Today would have been Charles Dickens' 200th birthday, which has resulted in all manner of tributes, particularly in the United Kingdom. To help mark the occasion, we've sifted through the reappraisals and retrospectives to find the day's most memorable, informative, and just plain compelling Dickens coverage.
In Westminster Abbey, Prince Charles placed a wreath on the author's grave while Ralph Fiennes read from Bleak House. If you're going strictly on pomp, this was the tribute to end all tributes. [The Telegraph]
Why yes, today's Google Doodle was a reference to Dickens.
For the non-English, actor Simon Callow provided a guided tour to some of the author's notable London locations that felt highly essential, even though he was taking viewers through a world that, strictly speaking, no longer exists. [The Guardian]
If you haven't read Bleak House, Great Expectations, or David Copperfield, you could do worse than checking out the "digested read" editions being offered by The Guardian. The feature is built on the joke of only retaining a germ of the original text, but the abridged versions retain a vaguely Dickensian quality, which is more than you can say for a Wikipedia plot summary. [The Guardian]
The BBC has a nice primer on the realities of the nasty mid-19th century social institutions -- including orphanages, work houses, and terrible schools -- that Dickens revealed in his work. [BBC]
The Morgan Library and Museum in New York City has a terrific online exhibit featuring high resolution images of each manuscript page from A Christmas Carol, plus 20 of the author's letters. [The Morgan]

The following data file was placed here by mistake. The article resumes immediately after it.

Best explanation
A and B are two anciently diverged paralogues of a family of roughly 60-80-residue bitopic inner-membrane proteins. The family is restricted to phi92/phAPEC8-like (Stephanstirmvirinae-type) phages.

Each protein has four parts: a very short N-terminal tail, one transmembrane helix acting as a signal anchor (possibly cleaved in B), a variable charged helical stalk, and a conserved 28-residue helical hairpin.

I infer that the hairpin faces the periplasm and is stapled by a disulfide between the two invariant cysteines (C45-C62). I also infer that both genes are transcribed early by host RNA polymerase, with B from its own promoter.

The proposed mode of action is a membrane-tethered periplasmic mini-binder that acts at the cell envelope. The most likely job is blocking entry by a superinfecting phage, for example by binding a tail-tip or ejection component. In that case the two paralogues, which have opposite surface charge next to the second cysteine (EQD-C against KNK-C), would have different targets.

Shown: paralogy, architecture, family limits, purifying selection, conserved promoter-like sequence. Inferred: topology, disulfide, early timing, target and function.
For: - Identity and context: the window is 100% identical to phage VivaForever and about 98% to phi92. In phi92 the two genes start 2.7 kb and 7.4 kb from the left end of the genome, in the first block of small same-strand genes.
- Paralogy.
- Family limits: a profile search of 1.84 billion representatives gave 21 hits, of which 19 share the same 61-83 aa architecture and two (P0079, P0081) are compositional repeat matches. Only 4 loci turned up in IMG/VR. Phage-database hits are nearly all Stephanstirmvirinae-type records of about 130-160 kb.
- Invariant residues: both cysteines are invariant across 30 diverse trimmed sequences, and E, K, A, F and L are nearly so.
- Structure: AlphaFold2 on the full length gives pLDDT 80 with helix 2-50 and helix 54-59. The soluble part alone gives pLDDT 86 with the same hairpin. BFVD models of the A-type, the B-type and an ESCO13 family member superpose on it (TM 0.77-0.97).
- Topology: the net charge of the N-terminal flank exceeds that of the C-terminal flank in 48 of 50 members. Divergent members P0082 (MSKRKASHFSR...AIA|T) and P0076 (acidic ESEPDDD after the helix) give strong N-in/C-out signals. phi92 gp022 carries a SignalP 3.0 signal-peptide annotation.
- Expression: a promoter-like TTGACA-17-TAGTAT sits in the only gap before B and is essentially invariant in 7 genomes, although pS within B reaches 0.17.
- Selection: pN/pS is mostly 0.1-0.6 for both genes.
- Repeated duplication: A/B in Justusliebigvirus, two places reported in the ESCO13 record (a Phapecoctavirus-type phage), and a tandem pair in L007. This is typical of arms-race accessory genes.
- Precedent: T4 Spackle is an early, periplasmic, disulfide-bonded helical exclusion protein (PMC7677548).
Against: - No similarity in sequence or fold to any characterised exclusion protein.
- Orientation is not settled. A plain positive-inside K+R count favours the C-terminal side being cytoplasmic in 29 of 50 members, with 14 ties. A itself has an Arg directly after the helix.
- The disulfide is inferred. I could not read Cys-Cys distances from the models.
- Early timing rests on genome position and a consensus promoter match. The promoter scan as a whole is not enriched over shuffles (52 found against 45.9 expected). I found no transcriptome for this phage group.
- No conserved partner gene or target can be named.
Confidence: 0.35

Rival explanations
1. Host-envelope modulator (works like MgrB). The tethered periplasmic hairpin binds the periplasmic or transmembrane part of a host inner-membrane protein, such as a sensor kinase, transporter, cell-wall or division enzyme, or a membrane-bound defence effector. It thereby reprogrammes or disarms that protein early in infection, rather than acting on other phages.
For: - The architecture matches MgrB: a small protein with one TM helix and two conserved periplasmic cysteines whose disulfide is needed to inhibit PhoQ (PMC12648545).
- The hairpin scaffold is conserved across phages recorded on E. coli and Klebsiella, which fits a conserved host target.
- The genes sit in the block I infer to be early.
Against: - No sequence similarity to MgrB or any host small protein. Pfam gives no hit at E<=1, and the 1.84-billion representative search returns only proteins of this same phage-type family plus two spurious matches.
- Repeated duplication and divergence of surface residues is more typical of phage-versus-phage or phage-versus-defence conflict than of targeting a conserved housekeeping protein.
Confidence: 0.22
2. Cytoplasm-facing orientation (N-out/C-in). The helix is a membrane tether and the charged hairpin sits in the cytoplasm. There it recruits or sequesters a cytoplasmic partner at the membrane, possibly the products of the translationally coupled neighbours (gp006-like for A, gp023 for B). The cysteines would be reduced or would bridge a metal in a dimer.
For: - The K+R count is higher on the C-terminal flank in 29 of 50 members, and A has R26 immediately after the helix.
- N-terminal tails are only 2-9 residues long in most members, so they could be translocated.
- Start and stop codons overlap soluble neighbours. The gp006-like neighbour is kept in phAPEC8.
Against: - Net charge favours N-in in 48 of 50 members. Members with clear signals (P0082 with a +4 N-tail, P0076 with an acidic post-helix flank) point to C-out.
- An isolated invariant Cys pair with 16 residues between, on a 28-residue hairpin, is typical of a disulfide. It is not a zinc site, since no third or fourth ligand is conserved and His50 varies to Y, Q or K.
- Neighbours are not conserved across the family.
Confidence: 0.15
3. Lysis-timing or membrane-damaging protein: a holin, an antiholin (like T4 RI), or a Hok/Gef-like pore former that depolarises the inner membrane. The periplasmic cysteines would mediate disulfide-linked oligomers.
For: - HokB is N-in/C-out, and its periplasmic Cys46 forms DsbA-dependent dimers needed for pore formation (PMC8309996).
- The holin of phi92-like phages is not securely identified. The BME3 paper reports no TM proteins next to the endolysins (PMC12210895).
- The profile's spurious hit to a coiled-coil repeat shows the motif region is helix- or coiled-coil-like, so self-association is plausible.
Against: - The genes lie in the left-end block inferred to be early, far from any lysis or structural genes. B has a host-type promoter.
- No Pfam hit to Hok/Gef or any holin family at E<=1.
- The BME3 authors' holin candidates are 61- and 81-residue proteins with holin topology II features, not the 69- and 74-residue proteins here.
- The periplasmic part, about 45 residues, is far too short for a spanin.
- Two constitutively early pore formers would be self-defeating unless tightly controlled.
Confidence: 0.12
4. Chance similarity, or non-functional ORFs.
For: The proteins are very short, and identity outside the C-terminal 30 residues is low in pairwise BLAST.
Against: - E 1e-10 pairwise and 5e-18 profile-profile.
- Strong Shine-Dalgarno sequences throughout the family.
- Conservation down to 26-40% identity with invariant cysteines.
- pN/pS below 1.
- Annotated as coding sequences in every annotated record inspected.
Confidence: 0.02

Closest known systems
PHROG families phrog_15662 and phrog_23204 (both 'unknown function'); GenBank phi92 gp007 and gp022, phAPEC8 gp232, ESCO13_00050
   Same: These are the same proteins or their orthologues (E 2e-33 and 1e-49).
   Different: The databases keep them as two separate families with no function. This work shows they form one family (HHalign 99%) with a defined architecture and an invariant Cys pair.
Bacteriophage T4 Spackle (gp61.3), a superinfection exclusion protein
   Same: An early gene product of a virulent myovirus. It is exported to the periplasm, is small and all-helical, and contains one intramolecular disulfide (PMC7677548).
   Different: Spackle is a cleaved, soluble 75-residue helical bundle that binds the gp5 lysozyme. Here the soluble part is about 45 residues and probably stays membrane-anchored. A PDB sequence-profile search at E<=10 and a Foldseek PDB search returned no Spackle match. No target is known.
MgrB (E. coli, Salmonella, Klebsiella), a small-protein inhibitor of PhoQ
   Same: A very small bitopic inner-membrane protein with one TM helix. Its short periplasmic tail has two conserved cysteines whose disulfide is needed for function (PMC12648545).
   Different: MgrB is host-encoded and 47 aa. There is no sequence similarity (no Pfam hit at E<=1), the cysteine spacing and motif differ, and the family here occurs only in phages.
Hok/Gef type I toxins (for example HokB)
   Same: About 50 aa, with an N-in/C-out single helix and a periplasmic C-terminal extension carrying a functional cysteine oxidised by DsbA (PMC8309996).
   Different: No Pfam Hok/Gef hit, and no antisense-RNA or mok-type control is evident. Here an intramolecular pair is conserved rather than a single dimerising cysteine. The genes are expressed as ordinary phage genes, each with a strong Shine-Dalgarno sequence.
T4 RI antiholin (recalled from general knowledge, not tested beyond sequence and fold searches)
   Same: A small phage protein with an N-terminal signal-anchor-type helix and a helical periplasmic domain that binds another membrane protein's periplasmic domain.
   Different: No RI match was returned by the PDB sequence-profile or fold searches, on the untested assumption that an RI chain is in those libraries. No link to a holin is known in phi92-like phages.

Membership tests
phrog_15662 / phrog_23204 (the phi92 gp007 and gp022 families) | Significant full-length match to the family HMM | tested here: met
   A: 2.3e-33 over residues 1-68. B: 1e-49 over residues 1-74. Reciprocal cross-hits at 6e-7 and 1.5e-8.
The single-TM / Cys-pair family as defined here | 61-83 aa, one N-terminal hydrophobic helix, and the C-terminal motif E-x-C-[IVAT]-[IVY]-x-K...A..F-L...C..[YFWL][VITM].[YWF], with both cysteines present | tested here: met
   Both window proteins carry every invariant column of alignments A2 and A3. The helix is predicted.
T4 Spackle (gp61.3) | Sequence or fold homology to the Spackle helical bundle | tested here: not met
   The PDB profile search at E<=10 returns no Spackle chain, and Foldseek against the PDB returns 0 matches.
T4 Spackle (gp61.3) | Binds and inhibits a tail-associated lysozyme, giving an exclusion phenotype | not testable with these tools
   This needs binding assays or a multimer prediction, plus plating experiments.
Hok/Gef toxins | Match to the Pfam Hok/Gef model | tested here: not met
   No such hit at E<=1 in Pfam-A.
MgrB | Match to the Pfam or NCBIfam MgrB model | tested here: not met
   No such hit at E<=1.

Time constructed a fierce vertical landing page to tick off the days leading up to the bicentennial, the centerpiece of which is an infuriating -- but reasonable and exhaustively argued -- ranking of his ten best novels. (They put Bleak House at number one.) Not to be outdone, The Telegraph has been ranking the ten best Dickens characters. (They chose Scrooge, which is fair.) [Time and The Telegraph]
In a piece for the upcoming issue of The New York Times Magazine, Sam Anderson fondly recalls a visit five years ago to Dickens World, a simulacra of mid-19th century London located in Kent, that boasts an operaring budget of $124 million. [The New York Times Magazine]
In his will, Dickens was adamant he didn't want any statues build in his honor. Philadelphia is the only city (so far) to have ignored this request, erecting a life-sized statue of the author in Clark Park in 1901. Over the next century, the city has weirdly turned into the American clearing house for Dickens bric-a-brac. In addition to the statue, the Free Library of Philadelphia boasts 1,200 of his letters, parts of the original Bleak House manuscript, plus his pet raven Grip, mounted and stuffed. [Philadelphia Magazine]
Students at the Bolton school in the United Kingdom adorably tried to set a world record for most people dressed up like fictional characters. We're not entirely sure such a record exists, but you'd have to be Madame Defarge to bring it up. [BBC]
This article is from the archive of our partner The Wire.
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